Italian leaders tell Brussels to back off as combative government is in sight

The League (Lega) party's leader Matteo Salvini addresses the media after a meeting with Italian President Mattarella at the Quirinale Palace, in Rome, Italy, 14 May 2018. (M5S) leader Di Maio said that neither he nor prospective right-wing Lega (League) party ally Salvini would put forward names of a Premier yet and asked for a few more days to complete a government programme EPA-EFE/RICCARDO ANTIMIANI

Italian leaders tell Brussels to back off as combative government is in sight


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The two main parties negotiating the formation of a government in Italy called on Brussels to stop interfering in the process.

The far-right leader of the Lega, Matteo Salvini, and the leader of the anti-establishment 5-Star Movement (M5S), Luigi Di Maio, talked about EU “interference” on Tuesday.

Salvini accused Brussels of meddling with the negotiations following a statement by Migration and Home Affairs Commissioner Dimitris Avramopoulos, who expressed the hope that Italian policy on asylum seekers will not change.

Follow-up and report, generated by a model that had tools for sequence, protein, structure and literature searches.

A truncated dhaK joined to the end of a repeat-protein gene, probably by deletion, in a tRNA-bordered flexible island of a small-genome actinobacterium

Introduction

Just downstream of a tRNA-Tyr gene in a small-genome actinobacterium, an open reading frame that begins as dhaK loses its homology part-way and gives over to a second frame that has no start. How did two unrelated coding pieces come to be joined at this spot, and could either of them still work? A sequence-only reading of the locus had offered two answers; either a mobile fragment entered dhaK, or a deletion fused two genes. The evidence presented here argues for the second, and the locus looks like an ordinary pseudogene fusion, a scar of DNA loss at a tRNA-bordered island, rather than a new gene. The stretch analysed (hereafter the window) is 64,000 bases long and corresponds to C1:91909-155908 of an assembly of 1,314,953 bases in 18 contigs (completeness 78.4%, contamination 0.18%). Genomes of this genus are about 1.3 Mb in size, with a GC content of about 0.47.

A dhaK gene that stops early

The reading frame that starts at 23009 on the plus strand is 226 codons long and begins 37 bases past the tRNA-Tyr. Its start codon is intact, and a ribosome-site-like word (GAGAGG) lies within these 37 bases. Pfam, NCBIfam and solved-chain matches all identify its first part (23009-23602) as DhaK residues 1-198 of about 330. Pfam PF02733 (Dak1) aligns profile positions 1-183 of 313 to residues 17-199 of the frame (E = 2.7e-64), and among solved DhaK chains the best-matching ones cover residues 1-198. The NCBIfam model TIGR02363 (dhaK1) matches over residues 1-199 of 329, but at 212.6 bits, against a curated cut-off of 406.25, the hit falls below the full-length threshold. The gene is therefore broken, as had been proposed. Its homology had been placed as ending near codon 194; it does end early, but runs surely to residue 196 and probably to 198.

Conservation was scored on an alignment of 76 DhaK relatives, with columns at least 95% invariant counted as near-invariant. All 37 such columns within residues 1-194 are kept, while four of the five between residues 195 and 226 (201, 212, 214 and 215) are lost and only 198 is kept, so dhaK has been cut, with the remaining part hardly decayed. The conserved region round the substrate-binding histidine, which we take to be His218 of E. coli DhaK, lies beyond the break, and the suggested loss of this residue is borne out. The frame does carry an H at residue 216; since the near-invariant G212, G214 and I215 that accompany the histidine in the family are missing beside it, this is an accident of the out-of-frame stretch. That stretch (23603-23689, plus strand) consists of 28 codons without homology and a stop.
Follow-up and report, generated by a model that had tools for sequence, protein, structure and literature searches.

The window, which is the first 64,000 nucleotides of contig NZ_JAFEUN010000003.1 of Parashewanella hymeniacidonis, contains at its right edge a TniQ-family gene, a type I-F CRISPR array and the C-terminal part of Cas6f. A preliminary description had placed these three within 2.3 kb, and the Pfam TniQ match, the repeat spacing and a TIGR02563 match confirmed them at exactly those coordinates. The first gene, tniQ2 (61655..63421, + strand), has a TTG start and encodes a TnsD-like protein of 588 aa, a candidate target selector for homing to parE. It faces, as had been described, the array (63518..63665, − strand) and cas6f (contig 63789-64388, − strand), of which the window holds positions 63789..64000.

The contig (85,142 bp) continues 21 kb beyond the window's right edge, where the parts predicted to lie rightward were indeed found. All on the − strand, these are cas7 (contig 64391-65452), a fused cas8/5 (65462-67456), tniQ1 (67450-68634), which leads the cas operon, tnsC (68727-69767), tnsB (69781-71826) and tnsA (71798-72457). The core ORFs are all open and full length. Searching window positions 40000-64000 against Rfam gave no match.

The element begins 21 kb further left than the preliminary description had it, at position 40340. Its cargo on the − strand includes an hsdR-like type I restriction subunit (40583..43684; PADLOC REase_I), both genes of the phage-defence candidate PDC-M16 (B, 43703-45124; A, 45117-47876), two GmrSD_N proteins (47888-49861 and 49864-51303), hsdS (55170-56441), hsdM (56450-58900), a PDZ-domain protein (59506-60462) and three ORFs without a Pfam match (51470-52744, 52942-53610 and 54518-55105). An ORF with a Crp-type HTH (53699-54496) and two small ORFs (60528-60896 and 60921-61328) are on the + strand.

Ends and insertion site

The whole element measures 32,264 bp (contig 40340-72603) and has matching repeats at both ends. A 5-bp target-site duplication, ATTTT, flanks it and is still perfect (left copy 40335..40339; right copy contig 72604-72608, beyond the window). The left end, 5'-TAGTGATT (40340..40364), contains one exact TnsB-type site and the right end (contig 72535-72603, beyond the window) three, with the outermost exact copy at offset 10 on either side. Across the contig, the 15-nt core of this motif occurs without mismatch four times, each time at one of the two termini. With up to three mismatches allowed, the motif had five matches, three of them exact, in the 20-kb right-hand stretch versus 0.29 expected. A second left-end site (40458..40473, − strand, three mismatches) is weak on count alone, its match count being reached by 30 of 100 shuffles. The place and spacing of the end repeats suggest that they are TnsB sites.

“From Europe we have the umpteenth unacceptable interference (…); now is the time for legality, security and push-backs,” Salvini said.

Avramopoulos praised Italy for the management of the Mediterranean migration crisis, crediting Italy with saving migrant lives at sea. Following an agreement with Libya, the flow of migrants from North Africa has slowed down, although human rights groups have expressed concerns over human rights abuses and torture. Salvini wants the policy line on migration to get tougher.

Di Maio charged against the Financial Times and unelected Eurocrats for undermining the prospect of an M5S-league government. “How dare you,” Di Maio said in reference to the FT’s branding of the emerging alliance as “new barbarians.” The 32-year old leader of M5S said the criticism was motivating him to move onwards with the formation of a government.

On Wednesday morning Salvini said that negotiations were nearing conclusion, while Di Maio confirmed the two parties could wrap up the “contract of government” within the day. Both parties have made clear they intend to fight the EU’s Stability Pact. However, Di Maio made clear that his party’s demand that the ECB writes off €250bn of the country’s national debt is outdated, while membership of the Eurozone is not called into question.

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